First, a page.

“The person who goes farthest is generally the one who is willing to do and dare. The sure-thing boat never gets far from shore.” Dale Carnegie
“Little boats should keep near shore.” Benjamin Franklin
One weekend that we had retreated to our small beach cabin at Surfside (see preceding article), I had noticed that the marina at San Luis Pass, north of us, offered boats to rent, so I suggested that we go on a boat trip. We arrived at the marina full of enthusiasm, as our kids had never been on any kind of boat. Being total novices, we had nothing but our swimsuits and T-shirts…no water, no food, no spare gas. No nothing. But off we went….me the captain, my pregnant wife, and our three kids (8, 6 and 3). The boat itself was a nice 16 foot metal rowboat kind of thing with a twenty horsepower outboard motor. I was not asked if I knew anything about operating the motor or guiding the boat; all they wanted was my driver’s license.
Not wanting to face the waves, my wife insisted that we stick to the inner bay. While broad in most places, the bay area is shallow, usually less than a foot, but no more than eight feet deep. Being on the coast, the tides roll into and out of the bay. I intended to follow the flow of the tide.
One of my personality flaws is that I like to take shortcuts. Sometimes my shortcuts turn into long-cuts. That was the case this day. We had gotten about a mile from the marina when I decided to but across the water to a more open part of the bay. What I didn’t realize was that the water was only about five inches deep. The outboard motor churned into the mud, and the shear pin in propeller, put in to protect the motor, broke. The propeller didn’t turn. Still the captain, I was determined to protect my passengers. I pulled the boat to shore, about thirty yards, where I saw an open space. Otherwise we would have had to be standing in the salt grass fronds as we awaited rescue or drifted helplessly in the water.
After a while, I looked around. I could see the coastal road, maybe five hundred yards to the east. A plan emerged. I would leave the four of them and trudge back to the road and thence to the marina to get the marina to come rescue us. So off I went, jogging through the muddy salt grass. After about a hundred yards I came upon a backwater sort of slue and wondered how I would get across. Then another small skiff appeared, with two middle aged men and one of the men’s wives. They were fishing.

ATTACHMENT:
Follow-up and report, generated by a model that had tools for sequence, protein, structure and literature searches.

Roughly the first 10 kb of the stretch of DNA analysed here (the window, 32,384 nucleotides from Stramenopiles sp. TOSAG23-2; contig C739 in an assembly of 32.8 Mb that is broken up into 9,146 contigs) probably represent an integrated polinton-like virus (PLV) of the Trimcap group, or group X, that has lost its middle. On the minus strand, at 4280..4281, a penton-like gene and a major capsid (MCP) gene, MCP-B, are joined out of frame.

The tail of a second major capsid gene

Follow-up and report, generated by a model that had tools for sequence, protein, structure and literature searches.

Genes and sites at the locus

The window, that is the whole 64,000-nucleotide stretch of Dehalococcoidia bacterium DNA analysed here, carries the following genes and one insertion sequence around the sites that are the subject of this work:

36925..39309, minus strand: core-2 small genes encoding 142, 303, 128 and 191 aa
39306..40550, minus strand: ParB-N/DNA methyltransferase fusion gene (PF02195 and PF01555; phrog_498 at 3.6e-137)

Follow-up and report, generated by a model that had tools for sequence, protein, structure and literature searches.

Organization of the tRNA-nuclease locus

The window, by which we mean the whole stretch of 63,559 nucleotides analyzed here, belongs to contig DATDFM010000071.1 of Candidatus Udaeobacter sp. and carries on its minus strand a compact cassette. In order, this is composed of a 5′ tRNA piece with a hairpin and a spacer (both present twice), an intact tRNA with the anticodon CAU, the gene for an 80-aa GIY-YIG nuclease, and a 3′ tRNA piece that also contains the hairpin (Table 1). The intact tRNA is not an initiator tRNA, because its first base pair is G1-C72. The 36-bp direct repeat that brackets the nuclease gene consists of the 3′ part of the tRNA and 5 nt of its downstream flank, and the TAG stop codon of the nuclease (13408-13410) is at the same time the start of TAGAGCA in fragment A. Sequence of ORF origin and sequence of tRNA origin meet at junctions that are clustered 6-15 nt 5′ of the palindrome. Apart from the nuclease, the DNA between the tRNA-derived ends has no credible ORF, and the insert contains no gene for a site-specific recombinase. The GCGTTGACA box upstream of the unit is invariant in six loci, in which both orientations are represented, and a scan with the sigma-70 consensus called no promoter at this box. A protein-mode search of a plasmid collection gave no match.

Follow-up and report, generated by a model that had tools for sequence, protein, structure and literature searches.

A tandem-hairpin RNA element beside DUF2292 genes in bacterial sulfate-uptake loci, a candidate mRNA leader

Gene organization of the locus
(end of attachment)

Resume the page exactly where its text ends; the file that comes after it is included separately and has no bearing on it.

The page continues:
“What in the world are you doing out here?” they shouted. “Don’t you know that these marshes are thick with rattlesnakes? Get in the boat right away!” I didn’t need any urging and quickly jumped in the boat.
I then told them my sad tale, and they quickly volunteered to rescue the rest of the family. The man operating his boat was much more careful not to embed his outboard into the mud, and his motor was designed to operate in very shallow water.
As their boat slid up to the waiting family, the woman said, “My God! And she’s pregnant too!” One of the men told me to get the family back into our boat as quickly as possible, as he tied a rope from the prow of our boat to the back of his boat.
“The reason I wanted you guys to get into the boat so quickly is that there are no open spaces in these marshes except where the rattlesnakes get together to mate. That flat area you were in is just a rattlesnake meeting area.”
Of course we all shuddered, and we thanked our rescuers profusely. They took us back to the marina and we turned in the boat, reporting the shear pin problem. I received no refund even though I hadn’t used up my allotted two hours.
I always worry when my wife is quiet. I thought it was just PTSD or something like that. I certainly felt that we had escaped a terrible situation, and she did too. Before we got back to the beach cabin we all said a prayer of thanks. When we got back, we suspended the five o’clock rule (no drinking before then). The danger had passed.
I know it is hard to believe, but my wife refuses to get into any boat of any kind or nature, even a cruise ship. I guess she figures that nothing good can come of it.
Moral: Since our boat trauma, I have seen mostly young men numerous times trying to do something that they know nothing about. Don’t. Find out how to do things, how things work, and what the risks and rewards can be. If you want further verification, Google ‘Darwin Awards’!